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  • Joseph DeMartino
    replied
    Originally posted by Dipper
    Where do you get that figure from ? Vir became the Emperor around the time when David was kidnapped, and at that time he was in his early teens 12-13, and when B5 blew up, he was in his twenties.
    All of the dates in the Centauri trilogy are off by about a year, IIRC, apparently the result of Peter David's being given a timeline with a typo in it. Then there's the business of Minbari years vs. Earth years. But David Sheridan was around 16 Earth years old when the Urn opened, he got his Keeper and everybody ended up on Centauri Prime for the events we glimpse in "War Without End" and In the Beginning. He was born late in 2262 and Londo dies sometime in 2278. Babylon 5 was destroyed in 2281, 20 years after Sheridan's death on Z'ha'dum.

    These dates are established in dialogue and by on-screen titles in the episode and the movies, quite independent of David Sheridan's age. (In "WWE" Londo tells Sheridan it has been 17 years since the Shadows were defeated, which we know happened in 2261, and an on-screen graphic in ItB gives the year of the framing story as 2278. In "Midnight on the Firing Line", set in January 2258, Londo tells Sinclair that he and G'Kar will strangle each other to death "twenty years from now." Finally, Lorien tells Sheridan and Delenn that barring illness or injury Sheridan will live 20 years, no more. Sheridan was brought back to life in January 2261, so we know he dies in 2281. (This is also verfied by the last volume of the Psi Corps trilogy.)

    That means the station was destroyed a mere 3 years after Vir became emperor. And since the station would have been effectively obsolete for several years before anyone actually got around to destroying it (trust me, I work for the government and I know what the speed of bureaucracy is), it would be truer to say, "B5 became obsolete before Vir became emperor" (even if not "way before") than the reverse.

    Regards,

    Joe
    Last edited by Joseph DeMartino; 11-29-2006, 02:42 AM.

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  • Dipper
    replied
    Where do you get that figure from ? Vir became the Emperor around the time when David was kidnapped, and at that time he was in his early teens 12-13, and when B5 blew up, he was in his twenties.

    Correct me if I'm wrong, it's been a while since I read the Centauri trilogy.

    -Dip

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  • vacantlook
    replied
    Originally posted by Dipper
    ...Vir became Emperor way before B5 became obsolete.
    Vir became Emperor about two to three years before B5 was blown up. I wouldn't call that "way before".
    Last edited by vacantlook; 11-28-2006, 07:37 PM.

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  • prometheous
    replied
    Personally I always read the IA as being an EU type organisation (given that each EU government is really the soverign entity that tries to uphold certain common goals on defence, trade, laws etc but when it comes down to it, the British, French and Germans will do what they damn well please) rather than some sort of revision of the US federal government. Since this matter is never really made implicit in the B5 series it's up to the individual to imagine it the way they want (at least until lost tales) with the proviso that the lack of representatives can be seen as a minor oversight that niggles at the obsessive fan (no digs I am one) or simply uneeded in the federal type proposal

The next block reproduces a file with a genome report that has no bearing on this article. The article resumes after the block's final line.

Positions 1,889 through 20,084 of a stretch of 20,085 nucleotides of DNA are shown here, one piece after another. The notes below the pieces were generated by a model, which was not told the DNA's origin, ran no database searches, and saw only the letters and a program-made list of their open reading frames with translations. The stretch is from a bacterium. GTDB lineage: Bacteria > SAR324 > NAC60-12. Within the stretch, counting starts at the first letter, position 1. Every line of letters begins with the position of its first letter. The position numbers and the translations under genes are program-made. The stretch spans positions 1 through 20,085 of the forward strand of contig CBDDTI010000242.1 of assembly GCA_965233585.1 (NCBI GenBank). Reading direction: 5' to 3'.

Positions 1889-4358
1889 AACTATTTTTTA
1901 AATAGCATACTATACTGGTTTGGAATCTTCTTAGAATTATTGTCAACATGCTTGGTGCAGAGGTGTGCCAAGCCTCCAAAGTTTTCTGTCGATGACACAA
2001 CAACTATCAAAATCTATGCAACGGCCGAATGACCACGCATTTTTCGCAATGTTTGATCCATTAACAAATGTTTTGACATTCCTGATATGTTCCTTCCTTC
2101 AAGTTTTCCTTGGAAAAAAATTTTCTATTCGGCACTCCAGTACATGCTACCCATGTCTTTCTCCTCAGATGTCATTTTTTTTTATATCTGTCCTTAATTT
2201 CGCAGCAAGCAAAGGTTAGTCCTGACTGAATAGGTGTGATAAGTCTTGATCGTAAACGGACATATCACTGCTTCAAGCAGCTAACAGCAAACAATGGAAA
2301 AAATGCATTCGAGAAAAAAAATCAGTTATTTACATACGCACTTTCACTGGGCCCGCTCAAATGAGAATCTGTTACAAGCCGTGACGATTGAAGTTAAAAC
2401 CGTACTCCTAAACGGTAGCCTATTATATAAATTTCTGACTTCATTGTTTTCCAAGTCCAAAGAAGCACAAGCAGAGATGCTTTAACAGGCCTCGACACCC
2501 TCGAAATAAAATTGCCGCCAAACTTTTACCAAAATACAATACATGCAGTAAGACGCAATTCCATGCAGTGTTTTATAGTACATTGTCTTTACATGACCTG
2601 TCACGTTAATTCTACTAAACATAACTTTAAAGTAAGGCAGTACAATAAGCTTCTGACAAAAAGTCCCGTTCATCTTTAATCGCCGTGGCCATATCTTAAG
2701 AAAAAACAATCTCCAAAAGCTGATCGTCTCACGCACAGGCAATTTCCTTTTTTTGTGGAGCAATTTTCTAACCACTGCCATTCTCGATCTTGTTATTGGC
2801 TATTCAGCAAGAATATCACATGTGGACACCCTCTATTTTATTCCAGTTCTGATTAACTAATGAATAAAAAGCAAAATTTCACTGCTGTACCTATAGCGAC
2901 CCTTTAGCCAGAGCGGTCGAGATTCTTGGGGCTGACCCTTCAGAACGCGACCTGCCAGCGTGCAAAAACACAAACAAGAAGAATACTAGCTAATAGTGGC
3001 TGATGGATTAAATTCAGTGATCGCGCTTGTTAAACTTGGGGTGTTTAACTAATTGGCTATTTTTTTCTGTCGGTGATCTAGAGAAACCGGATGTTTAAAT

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  • Joseph DeMartino
    replied
    Originally posted by Garibaldi's Hair
    Of course, the United Kingdom is also a government and not an organisation, and we have ambassadors from all over the world living and working here and representing their nations ...

    But they are not members of Her Majesty's goverment, whereas the Humans, Minbar, Narn, Drazi, etc. (but not the Centauri) were constituent members of the IA. The Drazi rep(s) to the IA would be more like an MP or a senator than an ambassador.

    Disagree. The IA would have both representatives (as in the case of Ta'Lon, from one of the member states) and ambassadors (in the case of Vir, who is not from a member-state). There would be need of someone for those roles from both Narn and the Centauri Republic.
    Florida is a sovereign state under the U.S. Constitution. It sends representatives and two senators to Washington as members of the government. It does not also send an ambassador to the United States because it is one of the United States.

    If it were true that hostile governments have no ambassadors, then the USSR and USA would not have had ambassadors to each other's countries during the Cold War.
    ??? Sorry, but that is nonsense. To suggest that because something happens in case "A" it must happen exactly the same way in cases "B", "C" and "D" is ludidcrous and certainly not something suggested by my post. The U.S. and the U.S.S.R. never got into a shooting war with one another, and for reasons of their relative power deemed it too dangerous not to have full diplomatic relations. But there were plenty of Communist satellites that had no ambassadors to or from the United States. (Cuba still has none.) Members to the IA bombed parts of Centauri Prime flat. Londo made it clear that he and his people wanted nothing further to do with the organization and withdrew from it. Again, this is more like a state seceding from the Union than a country breaking off diplomatic relations with another country. When South Carolina seceded from the United States it lost its Congressmen and Sentaors, who returned home. It didn't "recall its amabassadors"

    There may, indeed, have been some sort of organization of the consular officers on B5, but B5 was not independent - it was the property (on loan from the EA) of the IA. No one would send ambassadors, I don't think, to a mere IA base
    Not after Sheridan and Delenn left, it wasn't, and that's the time period we're discussing. It reveted to Earth control and Vir did indeed represent the Centauri as ambassador to B5. You really need to read (or re-read) the Centauri Trilogy.